Richard Heene learned the hard way that what goes up must come down back in 2009 when he attempted to hoax the world by sending a silver helium balloon into the atmosphere that supposedly contained his then six-year-old son, Falcon.
He wasn't, but when word got out that the whole stunt was preplanned, Heene was eventually sentenced to 90 days in jail for the hoax, and ordered to pay $36,000 in restitution. His wife, Mayumi, was sentenced to 20 days of weekend jail.
After a shaky period, Heene is shaking things up in a different way, by creating a product called YourShakedown that is designed to save consumers money by shaking bottles and cans containing sticky substances like ketchup, shampoo and peanut butter so that every last bit comes out.
The product looks sort of like a Mixmaster that read the "50 Shades Of Grey" trilogy, but Heene believes this new product will save consumers and businesses hundreds of dollars the first year despite a $179 price tag -- $359 for the restaurant version.
"It should pay for itself when you add in the gas it takes to drive to the store for one item you suddenly ran out of," Heene told The Huffington Post. "I figured Americans do between eight to 16 trips a year for things like ketchup, peanut butter or shampoo."
Heene was first inspired to create YourShakedown more than 30 years ago while working at TGI Fridays.
"Each night we'd collect the ketchup bottles and turn them upside-down over the others -- they have stands for this -- and I thought there must be a better way," he said. "Then earlier this year, my son Bradford wanted ketchup for his fries, but we couldn't get it out of the bottle -- and there was at least 11 packets worth of ketchup on the sides."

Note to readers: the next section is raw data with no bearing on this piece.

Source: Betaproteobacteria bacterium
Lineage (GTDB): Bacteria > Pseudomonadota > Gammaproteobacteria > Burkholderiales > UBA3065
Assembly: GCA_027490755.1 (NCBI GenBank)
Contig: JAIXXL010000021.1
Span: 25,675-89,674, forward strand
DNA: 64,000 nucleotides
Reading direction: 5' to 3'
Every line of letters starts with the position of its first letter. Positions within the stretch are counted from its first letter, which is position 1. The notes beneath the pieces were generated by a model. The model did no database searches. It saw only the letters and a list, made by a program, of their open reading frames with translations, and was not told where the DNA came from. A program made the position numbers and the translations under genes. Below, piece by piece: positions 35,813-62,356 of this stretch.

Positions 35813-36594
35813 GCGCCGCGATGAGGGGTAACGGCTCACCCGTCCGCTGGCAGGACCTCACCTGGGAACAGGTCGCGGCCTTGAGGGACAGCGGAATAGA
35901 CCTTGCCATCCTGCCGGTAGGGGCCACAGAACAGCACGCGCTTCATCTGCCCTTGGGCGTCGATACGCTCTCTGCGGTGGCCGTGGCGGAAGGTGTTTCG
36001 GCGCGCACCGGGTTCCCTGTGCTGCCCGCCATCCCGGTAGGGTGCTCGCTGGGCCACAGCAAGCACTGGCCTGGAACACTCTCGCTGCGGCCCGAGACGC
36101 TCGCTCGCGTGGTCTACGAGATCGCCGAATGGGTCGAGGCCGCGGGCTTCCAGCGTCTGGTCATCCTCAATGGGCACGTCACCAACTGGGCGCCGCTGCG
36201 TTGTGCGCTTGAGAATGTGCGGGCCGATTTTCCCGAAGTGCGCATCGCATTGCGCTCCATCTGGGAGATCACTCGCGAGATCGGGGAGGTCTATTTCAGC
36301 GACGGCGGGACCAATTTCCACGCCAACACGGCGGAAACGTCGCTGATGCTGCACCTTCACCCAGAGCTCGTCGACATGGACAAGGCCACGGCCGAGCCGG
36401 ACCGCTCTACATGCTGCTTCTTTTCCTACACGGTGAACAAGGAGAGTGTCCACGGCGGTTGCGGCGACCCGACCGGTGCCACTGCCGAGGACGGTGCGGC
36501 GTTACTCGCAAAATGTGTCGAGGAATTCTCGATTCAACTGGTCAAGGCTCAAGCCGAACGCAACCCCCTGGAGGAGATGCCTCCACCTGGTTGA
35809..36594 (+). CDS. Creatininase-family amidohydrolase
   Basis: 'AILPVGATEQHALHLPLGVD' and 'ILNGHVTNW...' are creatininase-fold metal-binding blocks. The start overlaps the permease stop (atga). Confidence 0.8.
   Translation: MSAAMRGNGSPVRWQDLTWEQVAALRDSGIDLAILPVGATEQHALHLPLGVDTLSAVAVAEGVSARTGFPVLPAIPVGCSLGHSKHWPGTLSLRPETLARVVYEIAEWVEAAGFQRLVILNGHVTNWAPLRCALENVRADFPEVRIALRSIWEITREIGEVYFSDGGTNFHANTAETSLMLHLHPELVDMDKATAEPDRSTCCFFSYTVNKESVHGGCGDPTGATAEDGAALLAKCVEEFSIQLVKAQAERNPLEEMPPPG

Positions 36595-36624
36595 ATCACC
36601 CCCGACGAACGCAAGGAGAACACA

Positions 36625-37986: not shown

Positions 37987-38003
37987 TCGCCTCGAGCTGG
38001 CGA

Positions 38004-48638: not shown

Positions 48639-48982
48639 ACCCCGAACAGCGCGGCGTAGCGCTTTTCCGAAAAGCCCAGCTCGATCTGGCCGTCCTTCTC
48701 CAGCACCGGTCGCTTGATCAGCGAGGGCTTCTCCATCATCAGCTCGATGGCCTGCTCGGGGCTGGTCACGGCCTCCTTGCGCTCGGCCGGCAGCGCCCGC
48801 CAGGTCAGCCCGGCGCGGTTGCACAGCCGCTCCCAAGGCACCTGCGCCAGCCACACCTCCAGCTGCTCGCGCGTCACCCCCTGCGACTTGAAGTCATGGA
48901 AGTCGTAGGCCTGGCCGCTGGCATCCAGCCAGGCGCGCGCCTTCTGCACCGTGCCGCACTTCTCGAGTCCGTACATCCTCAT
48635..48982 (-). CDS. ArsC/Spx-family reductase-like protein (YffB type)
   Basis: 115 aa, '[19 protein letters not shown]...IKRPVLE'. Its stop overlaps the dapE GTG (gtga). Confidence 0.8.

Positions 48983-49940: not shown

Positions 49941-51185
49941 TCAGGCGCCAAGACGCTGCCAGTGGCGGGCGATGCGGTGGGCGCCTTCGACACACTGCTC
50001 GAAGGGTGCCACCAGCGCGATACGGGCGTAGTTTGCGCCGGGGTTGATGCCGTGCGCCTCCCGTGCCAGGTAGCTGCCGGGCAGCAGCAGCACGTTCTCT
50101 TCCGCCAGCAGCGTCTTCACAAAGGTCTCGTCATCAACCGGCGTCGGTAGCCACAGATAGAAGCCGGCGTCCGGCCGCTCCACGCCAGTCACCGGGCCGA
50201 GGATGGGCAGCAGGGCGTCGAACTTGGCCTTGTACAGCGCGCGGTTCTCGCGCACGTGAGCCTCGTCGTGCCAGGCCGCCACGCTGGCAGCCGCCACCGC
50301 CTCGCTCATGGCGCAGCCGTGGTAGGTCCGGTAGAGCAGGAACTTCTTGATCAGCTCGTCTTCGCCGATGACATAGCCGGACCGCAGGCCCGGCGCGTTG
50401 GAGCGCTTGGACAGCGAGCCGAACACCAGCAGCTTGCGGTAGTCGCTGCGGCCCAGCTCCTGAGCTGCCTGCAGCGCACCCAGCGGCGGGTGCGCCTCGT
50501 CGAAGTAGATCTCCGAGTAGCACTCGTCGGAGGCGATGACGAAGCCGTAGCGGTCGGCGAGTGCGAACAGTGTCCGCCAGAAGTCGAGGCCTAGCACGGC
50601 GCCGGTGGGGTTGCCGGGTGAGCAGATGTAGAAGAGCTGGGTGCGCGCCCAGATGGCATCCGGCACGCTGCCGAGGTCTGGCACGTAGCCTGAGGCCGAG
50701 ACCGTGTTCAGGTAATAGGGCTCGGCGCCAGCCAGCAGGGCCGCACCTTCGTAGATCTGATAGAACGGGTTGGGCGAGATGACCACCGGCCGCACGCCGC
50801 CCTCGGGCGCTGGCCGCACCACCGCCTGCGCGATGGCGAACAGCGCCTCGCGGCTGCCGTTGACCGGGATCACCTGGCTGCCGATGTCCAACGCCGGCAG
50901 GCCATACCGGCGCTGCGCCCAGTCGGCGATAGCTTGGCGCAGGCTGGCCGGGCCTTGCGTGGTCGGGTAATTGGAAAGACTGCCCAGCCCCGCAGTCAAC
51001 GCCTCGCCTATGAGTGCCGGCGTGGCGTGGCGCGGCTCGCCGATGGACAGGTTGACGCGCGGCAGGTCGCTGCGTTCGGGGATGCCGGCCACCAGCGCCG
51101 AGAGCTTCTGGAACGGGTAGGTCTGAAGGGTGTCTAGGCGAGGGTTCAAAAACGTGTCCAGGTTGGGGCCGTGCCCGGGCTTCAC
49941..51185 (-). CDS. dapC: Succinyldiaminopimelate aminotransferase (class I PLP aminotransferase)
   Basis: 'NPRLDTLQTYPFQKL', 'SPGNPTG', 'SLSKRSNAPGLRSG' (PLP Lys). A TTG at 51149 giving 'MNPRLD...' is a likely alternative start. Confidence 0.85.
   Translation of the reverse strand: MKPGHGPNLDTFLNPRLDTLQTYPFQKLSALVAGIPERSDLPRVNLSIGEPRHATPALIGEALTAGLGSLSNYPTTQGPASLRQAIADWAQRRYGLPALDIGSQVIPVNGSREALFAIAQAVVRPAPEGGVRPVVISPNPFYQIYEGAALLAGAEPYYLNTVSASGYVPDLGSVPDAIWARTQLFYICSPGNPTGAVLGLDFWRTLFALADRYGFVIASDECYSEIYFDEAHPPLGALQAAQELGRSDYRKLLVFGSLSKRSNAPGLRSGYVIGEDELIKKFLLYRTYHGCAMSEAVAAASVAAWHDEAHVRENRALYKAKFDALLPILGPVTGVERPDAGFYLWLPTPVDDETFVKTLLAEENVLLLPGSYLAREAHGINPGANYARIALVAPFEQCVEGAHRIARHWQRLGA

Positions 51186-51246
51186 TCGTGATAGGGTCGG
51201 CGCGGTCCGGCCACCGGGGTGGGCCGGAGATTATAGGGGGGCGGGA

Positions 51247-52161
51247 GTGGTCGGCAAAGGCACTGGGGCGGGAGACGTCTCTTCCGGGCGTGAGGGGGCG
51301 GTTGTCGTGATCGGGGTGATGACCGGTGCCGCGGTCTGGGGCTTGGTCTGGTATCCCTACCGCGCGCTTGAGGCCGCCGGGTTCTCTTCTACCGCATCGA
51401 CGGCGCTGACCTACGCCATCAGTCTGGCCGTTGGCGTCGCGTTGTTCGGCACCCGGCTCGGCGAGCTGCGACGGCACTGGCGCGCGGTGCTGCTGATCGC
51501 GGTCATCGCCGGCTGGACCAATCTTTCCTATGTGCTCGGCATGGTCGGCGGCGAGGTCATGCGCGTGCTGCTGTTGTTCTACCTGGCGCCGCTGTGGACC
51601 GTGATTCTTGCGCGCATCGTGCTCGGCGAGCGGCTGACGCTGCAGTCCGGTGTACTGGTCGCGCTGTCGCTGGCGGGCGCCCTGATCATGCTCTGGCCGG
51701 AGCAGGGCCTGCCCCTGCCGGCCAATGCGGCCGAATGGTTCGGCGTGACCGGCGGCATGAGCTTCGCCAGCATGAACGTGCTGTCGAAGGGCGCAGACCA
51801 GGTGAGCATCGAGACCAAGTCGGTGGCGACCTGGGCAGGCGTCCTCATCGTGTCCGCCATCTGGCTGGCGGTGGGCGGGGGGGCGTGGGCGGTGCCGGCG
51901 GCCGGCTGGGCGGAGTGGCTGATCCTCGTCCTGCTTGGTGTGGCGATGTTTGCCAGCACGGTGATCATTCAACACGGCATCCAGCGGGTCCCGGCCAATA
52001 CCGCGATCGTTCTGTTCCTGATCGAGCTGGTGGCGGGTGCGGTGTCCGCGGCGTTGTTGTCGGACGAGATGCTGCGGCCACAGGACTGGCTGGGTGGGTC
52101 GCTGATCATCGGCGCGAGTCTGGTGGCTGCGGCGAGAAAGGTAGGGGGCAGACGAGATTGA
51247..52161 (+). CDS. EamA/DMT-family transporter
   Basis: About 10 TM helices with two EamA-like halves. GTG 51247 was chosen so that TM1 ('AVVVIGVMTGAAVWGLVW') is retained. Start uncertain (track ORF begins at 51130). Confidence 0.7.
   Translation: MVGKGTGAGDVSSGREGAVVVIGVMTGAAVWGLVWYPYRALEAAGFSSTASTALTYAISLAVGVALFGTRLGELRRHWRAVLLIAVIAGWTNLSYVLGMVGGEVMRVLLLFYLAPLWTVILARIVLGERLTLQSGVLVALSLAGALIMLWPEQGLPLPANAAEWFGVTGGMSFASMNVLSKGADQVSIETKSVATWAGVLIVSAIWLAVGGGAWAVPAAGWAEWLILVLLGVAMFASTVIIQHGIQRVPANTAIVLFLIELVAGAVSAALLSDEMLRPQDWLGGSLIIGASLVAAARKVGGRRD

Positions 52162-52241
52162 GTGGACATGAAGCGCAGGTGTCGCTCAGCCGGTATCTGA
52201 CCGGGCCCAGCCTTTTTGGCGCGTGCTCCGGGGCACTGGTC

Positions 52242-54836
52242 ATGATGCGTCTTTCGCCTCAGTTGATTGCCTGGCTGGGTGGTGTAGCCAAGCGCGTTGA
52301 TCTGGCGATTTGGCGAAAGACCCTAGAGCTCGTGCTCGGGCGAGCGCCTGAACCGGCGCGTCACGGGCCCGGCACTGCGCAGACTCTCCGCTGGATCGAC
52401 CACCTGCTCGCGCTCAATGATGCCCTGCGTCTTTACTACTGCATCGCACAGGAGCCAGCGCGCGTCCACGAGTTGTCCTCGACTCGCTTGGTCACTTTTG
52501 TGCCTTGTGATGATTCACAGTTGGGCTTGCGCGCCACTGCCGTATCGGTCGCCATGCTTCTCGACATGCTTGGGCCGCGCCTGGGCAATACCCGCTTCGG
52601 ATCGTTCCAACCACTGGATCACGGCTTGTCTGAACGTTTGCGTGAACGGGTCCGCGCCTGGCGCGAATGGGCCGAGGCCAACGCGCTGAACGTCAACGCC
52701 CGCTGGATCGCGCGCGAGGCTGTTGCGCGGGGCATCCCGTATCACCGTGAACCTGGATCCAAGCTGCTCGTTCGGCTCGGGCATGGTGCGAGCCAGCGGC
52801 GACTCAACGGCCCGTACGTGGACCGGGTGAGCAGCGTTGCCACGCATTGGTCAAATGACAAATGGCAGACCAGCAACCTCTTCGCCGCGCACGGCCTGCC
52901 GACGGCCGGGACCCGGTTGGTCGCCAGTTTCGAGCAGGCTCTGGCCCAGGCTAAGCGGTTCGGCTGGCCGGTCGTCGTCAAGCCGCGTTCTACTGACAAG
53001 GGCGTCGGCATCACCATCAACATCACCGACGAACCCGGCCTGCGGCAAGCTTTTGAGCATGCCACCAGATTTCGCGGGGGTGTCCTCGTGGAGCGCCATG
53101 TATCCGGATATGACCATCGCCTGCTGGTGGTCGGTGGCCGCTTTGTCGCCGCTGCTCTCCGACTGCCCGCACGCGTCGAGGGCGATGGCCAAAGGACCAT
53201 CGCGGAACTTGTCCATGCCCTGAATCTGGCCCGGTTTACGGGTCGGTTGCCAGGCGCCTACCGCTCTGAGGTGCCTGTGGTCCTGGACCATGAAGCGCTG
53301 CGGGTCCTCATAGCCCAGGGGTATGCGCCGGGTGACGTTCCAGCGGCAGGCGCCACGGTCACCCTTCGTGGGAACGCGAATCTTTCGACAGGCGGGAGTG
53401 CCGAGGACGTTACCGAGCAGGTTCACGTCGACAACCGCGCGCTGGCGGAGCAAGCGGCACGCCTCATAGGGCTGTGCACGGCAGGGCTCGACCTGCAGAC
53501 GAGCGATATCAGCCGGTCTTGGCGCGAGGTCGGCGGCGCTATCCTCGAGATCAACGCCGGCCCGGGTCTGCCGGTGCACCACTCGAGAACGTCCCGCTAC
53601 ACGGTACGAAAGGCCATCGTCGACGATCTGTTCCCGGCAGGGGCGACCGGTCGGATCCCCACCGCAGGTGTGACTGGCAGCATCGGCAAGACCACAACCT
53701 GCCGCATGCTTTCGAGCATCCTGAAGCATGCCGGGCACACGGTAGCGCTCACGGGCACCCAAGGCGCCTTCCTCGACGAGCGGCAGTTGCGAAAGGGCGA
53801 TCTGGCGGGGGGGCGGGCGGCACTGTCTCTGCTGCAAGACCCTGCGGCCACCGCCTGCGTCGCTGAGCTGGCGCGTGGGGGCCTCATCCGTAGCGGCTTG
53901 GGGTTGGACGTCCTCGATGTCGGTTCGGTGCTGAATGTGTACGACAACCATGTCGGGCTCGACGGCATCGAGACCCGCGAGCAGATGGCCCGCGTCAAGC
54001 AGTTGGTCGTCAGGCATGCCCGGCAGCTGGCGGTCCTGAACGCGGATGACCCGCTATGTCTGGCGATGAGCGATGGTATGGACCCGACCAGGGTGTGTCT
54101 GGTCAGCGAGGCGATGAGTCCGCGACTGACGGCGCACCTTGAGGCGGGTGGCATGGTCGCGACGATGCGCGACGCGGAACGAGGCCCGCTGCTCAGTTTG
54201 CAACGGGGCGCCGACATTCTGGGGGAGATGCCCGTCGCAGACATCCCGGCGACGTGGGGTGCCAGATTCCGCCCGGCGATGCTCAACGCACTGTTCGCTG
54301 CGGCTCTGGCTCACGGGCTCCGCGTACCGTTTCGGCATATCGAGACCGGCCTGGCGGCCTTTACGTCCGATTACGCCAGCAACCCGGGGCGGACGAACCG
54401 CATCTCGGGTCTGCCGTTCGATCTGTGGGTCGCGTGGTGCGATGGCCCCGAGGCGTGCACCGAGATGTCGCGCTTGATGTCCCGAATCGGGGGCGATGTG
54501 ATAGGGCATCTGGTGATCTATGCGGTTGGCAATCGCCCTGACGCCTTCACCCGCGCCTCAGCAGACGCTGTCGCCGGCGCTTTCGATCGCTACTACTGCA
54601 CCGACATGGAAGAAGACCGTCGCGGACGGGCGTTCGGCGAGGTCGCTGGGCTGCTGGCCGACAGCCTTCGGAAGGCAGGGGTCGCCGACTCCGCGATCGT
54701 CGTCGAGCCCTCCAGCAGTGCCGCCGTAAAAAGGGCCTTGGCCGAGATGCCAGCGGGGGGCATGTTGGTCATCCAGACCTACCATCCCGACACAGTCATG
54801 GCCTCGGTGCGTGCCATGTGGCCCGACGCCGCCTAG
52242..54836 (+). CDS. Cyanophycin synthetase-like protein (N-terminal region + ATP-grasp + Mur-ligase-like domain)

It might seem that modern-day condiment packaging has answered this problem, but Heene says no.
"Those flat-headed ketchup bottles? Gravity knocks them over so we keep them right side up anyway," he said.
Heene's shaky device just went on sale, but it's not the only invention he's created in the aftermath of the infamous balloon boy hoax.
In 2010, a year after that scandal, Heene created the "Bear Scratch," a post that attaches to an interior or exterior wall that allows humans to scratch an itchy back the same way bears do in the wild.
Last year, he created something called the HeeneDuty Truck Transformer, a pick-up robot that can lift over 2,400 pounds and allows truck owners to load-up and go within a few minutes.
He said the company he licensed that product to is currently taking orders for it, but is still building a factory model.
Meanwhile, he is trying to downplay the scandal that made him an internationally known parental pariah, but admits he may entertain movie offers about it at a later date. He still maintains there was no hoax.
"I am focusing on the boys and the family and don't really want it reasserted, he told HuffPost. "But maybe one day, when they're older, I'd entertain offers."